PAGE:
“In most families the mother has most to do with the young child and as a consequence she is usually the person with whom the strongest bond is formed. But … the chief bond may not be with the biological parent,
“In most families the mother has most to do with the young child and as a consequence she is usually the person with whom the strongest bond is formed. But … the chief bond may not be with the biological parent, it need not be with the chief caretaker,
“In most families the mother has most to do with the young child and as a consequence she is usually the person with whom the strongest bond is formed. But … the chief bond may not be with the biological parent, it need not be with the chief caretaker, and it need not be with a female.”
Raby v Raby; 1976; (Watson J), Family Court of Australia. Quoting Michael Rutter, Maternal Deprivation Reassessed (1972) (which had been quoted in law journal article referred to by the Court).
Judges’ sources of social science Indirect sources eg media, or legal sources. Seminars by social scientists. Reading social science. Specific publications relevant to case. Quotes in appeal judgments. Expert evidence.
But recently discouraged: Maluka (2009); McGregor (2012).
Evidence Act s 144 [Judicial notice] not reasonably open to question “knowledge that is not reasonably open to question and is: (a) common knowledge […]; or cannot reasonably be questioned (b) capable of verification by reference to a document the authority of which cannot reasonably be questioned.
Not “Common knowledge”: Genital herpes may be incurable; may be dormant for lengthy periods; and may surface from time to time. Children benefit from sibling relationships.
Two problems for judges who want to use social science (without an expert witness) Hardly anything in science is “not reasonably open to question”. How to be fair to parties?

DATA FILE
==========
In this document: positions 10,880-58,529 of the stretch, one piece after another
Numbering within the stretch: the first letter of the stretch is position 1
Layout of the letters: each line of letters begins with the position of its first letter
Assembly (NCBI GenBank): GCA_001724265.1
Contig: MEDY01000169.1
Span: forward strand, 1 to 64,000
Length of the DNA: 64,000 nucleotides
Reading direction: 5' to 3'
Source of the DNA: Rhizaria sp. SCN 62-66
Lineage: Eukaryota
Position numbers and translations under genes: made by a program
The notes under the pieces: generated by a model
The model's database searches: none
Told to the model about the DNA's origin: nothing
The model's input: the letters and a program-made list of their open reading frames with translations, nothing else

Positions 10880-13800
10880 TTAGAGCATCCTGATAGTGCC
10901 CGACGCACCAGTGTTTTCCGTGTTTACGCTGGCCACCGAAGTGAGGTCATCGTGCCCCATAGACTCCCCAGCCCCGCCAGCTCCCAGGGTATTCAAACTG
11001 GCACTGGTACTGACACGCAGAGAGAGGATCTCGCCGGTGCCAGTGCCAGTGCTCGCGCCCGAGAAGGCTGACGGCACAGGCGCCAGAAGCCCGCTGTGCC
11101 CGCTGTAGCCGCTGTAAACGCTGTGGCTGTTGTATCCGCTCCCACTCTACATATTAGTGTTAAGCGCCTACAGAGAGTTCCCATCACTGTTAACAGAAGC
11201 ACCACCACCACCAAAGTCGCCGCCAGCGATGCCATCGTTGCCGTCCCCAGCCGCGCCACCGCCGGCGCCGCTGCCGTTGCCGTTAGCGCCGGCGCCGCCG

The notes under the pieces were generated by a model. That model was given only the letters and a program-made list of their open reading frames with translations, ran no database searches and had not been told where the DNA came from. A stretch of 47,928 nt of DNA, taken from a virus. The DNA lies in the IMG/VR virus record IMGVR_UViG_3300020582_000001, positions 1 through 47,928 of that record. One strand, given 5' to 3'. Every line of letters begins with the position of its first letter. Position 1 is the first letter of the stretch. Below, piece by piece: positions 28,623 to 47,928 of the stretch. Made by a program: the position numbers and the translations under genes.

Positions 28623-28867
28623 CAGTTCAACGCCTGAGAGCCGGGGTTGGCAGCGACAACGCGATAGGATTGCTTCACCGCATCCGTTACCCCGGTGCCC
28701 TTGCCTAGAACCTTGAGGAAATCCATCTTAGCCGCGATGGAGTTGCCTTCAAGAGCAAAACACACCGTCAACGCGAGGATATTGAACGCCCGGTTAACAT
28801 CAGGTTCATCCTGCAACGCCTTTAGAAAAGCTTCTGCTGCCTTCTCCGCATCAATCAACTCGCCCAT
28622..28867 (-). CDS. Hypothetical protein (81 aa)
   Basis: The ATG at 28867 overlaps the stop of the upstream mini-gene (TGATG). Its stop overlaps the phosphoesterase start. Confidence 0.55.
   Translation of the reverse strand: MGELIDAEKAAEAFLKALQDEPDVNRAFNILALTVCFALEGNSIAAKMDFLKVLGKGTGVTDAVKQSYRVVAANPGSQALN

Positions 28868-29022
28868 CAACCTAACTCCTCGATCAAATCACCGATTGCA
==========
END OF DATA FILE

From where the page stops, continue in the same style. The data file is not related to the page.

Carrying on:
What the law permits judges to do Don’t mention the social science; or Use expert evidence.
Two issues for judges who do use social science goodHow good is the social science? inferencesWhat inferences can be drawn from it?
Dieters usually gain weight after diet. Cigarettes damage health. Useful to judges?
Could be useful in assessing arguments and comments A says B gained weight after a diet, therefore wasn’t serious about it. A says B is unreasonable in wanting A not to smoke near children.
May help the court to question and assess experts. May help court assess options. Eg by not assuming an equal sharing arrangements will stay in place, or that a parent allowed to relocate will go, and remain relocated.
May dispel misconceptions and stereotypes. A young child would not show affection to an abuser. A woman really subjected to family violence would leave, to be safe.
A toddler who loves a parent would immediately greet the parent affectionately after a two week absence. It’s always undesirable for a child to be involved in resolving a family dispute about the child’s care.
An equal sharing arrangement will remain in place A parent allowed to relocate will remain relocated.
Conclusions 1.Social science is clearly valuable for policy and planning purposes. 2.Social science can be helpful to courts, eg in determining facts, understanding evidence, exploring issues, and making realistic assumptions. 3.But under the present law it’s difficult for judges to refer to social science unless there is an expert witness.